Tuesday, May 13, 2008

Interesting article: (1) Jacobson's software is purchased by MediaSentry and (2) RIAA admits it can only identify 'offering', not downloading

One of our readers has brought to our attention an interesting article in the Chronicle of Higher Education, which contains a number of interesting points:

1. MediaSentry is a customer of Audible Magic software, the software in which Dr. Jacobson has an indirect financial interest, and uses Audible Magic software as part of its investigation. So when Dr. Jacobson testifies about how reliable MediaSentry is, he's talking about his customer, and when he testified that he doesn't know what their procedures are, he was lying.

2. The software process used by MediaSentry differs markedly from the way Richard Gabriel has sought to describe it in his representations to various courts.

3. Cara Duckworth, the RIAA's spokesperson, admits that

the RIAA can tell only when a song is being offered for users to illegally download; investigators have no way of knowing when someone else is actually downloading the song.

Commentary & discussion:


Keywords: digital copyright law online internet law legal download upload peer to peer p2p file sharing filesharing music movies indie independent label freeculture creative commons pop/rock artists riaa independent mp3 cd favorite songs intellectual property


Anonymous said...

Based upon the description in the article, MediaSentry does not actually download the files. It seems that the RIAA assumes that files are "made available" simply because the program says that they exist.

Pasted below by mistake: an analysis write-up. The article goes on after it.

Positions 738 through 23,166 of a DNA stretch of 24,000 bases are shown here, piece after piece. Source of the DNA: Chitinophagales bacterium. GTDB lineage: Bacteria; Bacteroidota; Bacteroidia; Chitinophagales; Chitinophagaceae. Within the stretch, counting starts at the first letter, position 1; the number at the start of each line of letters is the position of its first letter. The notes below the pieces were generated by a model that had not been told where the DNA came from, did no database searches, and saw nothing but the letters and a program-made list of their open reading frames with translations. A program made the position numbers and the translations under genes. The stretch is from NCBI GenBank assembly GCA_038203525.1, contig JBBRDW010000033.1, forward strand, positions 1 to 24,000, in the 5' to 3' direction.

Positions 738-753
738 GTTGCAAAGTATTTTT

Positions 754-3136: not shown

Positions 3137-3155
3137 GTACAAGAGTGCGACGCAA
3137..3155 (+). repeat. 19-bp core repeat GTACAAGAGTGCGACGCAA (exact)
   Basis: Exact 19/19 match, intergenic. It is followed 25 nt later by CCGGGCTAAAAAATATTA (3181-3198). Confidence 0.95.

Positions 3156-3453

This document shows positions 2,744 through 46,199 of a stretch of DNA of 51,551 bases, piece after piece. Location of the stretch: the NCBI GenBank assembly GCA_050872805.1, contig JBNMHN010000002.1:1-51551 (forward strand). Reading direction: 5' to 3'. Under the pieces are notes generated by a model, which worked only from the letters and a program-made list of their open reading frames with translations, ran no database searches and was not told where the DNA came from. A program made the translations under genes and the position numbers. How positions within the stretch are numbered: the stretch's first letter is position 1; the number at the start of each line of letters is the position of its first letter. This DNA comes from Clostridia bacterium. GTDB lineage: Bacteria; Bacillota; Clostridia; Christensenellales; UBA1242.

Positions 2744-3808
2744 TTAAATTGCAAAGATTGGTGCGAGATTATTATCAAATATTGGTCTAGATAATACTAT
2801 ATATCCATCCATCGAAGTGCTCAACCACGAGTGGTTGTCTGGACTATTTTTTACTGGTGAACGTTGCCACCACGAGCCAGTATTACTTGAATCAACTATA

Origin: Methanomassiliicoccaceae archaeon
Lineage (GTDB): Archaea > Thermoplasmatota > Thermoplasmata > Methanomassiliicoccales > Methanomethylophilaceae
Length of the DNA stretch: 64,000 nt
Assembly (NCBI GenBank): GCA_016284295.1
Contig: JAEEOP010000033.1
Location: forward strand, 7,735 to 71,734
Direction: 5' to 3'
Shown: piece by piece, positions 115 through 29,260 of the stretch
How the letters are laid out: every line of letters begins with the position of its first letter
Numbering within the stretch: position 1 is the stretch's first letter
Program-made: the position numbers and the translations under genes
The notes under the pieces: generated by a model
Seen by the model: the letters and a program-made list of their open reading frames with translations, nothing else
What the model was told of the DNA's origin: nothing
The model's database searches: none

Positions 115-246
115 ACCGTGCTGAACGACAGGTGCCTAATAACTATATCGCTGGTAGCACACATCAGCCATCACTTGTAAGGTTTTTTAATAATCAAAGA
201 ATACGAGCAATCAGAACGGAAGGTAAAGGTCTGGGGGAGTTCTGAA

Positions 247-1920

I wonder what would happen if someone designed a program compatible with file sharing networks that advertised a set of known, copyrighted files with known hashes, but that upon a download initiation, sent a completely different uncopyrighted file. Or if it simply wouldn't transmit any file.

What if no files existed at all, and the only thing the program did was display a list of songs to other P2P users that can never be downloaded. Would such a program "make available" infringing files, even though such files don't even exist?

This would be an interesting hypothetical to pose to the RIAA. It would be even more interesting to see how they would respond to a motion for summary judgment on these facts.

Anonymous said...

Cara Duckworth has just admitted that:

They cannot detect any actual violations (infringements) of the Copyright Act.